This report outlines the fundamental components of building a Secure DevOps program, broken down by traditional business units. This provides a better understanding of the objectives and methods behind a variety of Secure DevOps activities, can be applied to any organization size and can assist in the move towards modern secure solution delivery.
DevOps is an organizational structure that relies on different functional groups working together to improve business delivery. It is a philosophy based on combining the traditional roles and responsibilities of development teams and IT operations teams to accelerate the delivery of business value through the two teams. When work flows smoothly through development and IT operations, new software features ship more frequently, and the business becomes more competitive and adaptive in a constantly shifting market.
The central concept of Secure DevOps is the enhanced integration of development, IT operations, and security. By adding security into the original mix, the velocity for security changes increases as well. The likelihood of vulnerabilities being introduced is reduced, and the organization is able to more quickly mitigate those risks that remain.
It is paramount that the organization focuses on a custom implementation for their tailored environment and goals. This includes discussing tangible actions within IT, development and security to enhance the existing culture, processes and technologies in the transition to Secure DevOps capabilities. Across the three groups, the necessary changes to the cultures of the groups are similar. Because of the vast changes to various processes, the individuals involved must be willing to undertake new programs and processes and different approaches to traditional work. And because of the assortment of new processes and technologies adopted in order to support Secure DevOps, it is crucial the organization encourages their workforce to share challenges and failures.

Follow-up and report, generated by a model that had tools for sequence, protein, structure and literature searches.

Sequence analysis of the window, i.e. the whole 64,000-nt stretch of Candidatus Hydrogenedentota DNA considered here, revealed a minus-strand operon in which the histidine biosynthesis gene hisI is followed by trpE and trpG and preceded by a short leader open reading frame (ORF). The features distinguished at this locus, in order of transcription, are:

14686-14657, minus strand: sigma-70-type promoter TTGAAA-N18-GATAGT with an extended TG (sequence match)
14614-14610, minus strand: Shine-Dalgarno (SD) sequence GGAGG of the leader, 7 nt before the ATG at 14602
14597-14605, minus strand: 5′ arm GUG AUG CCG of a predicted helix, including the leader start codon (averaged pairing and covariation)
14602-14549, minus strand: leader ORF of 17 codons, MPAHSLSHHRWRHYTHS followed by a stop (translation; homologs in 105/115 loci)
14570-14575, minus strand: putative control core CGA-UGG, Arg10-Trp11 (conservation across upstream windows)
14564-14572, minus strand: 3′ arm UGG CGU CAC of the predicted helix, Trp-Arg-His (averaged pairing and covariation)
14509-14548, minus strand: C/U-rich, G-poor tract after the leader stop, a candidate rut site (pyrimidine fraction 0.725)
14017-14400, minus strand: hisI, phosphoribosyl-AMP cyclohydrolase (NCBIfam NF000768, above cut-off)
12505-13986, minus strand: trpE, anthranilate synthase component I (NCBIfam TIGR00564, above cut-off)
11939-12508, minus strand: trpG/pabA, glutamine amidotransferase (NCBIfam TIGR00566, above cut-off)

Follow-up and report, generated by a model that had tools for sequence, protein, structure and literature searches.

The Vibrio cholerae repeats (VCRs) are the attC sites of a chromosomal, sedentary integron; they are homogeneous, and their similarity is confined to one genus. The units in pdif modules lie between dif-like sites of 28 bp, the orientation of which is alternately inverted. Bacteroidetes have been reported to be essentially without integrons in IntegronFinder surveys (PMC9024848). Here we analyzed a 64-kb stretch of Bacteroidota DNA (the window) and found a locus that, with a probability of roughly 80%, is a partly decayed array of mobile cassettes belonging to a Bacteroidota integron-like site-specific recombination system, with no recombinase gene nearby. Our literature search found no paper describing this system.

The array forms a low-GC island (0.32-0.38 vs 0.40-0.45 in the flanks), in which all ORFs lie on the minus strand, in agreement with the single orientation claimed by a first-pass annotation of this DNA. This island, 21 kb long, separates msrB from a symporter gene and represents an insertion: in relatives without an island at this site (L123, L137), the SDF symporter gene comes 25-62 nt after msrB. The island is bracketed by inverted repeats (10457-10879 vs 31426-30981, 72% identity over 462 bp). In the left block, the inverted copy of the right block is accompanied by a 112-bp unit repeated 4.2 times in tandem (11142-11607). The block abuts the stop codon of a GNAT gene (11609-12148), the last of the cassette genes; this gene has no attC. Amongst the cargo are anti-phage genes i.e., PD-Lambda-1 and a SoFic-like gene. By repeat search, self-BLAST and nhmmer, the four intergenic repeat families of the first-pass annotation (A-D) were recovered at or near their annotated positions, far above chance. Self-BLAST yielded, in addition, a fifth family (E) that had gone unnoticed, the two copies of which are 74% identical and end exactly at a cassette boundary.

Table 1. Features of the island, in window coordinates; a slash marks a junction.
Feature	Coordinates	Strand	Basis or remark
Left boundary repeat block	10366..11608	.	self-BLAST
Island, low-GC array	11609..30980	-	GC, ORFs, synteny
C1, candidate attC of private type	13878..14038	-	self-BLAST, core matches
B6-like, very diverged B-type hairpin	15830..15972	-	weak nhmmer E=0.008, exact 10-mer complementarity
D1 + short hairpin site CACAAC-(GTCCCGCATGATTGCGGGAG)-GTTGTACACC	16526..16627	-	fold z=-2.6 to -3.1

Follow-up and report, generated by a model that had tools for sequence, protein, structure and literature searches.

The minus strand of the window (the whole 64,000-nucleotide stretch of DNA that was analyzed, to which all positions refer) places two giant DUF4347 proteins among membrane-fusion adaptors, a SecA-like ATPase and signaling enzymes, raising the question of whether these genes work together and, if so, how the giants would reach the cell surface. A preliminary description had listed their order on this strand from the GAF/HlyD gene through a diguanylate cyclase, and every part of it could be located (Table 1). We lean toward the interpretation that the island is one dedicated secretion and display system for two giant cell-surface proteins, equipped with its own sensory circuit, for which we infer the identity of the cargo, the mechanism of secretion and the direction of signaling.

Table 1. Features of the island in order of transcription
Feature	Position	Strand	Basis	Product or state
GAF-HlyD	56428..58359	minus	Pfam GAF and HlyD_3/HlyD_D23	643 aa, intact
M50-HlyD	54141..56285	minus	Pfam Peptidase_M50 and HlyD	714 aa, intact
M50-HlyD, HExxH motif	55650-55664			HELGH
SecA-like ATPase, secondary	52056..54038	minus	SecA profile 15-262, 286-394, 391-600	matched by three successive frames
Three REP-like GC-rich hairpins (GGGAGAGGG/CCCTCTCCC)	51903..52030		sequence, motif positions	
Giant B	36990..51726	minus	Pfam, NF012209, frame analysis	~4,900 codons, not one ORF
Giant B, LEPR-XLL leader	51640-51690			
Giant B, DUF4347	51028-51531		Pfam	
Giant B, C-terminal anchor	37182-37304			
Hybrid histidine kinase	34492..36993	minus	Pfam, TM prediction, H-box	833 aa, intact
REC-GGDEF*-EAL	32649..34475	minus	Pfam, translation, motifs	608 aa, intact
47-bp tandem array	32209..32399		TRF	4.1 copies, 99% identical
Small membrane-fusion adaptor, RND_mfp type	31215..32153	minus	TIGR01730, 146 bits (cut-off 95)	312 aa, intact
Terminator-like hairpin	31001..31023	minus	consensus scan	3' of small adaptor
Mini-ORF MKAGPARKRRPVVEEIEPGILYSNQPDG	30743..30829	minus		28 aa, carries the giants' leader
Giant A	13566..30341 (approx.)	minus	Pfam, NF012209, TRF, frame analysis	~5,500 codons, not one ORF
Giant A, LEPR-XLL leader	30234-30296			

When failures are shared rather than hidden, learning can be propagated throughout the organization and generate future improvements.
The enablement of DevOps often falls on the IT function because of the focus on enabling movement to production, which is traditionally an IT responsibility. IT is also responsible for tooling in many organizations, which holds heavy weight in a saturated DevOps tooling market. But IT also directly benefits from a DevOps system that cuts costs and opens up opportunities for the team to utilize additional resources that were traditionally consumed by unnecessarily cumbersome tasks such as production migrations.
The development team is commonly viewed as the focal point for the observable changes in a DevOps environment. Development is responsible for capitalizing on the capacity provided by IT and redesigning the development process, but development also has many opportunities for micro-enhancements within the business unit without full organizational cooperation.
With DevOps and new changes in the structure of the organization, security must adapt to fit the new organizational improvements. Security can also enhance their own delivery in the new structure through refined processes and the utilization of available technical capabilities.
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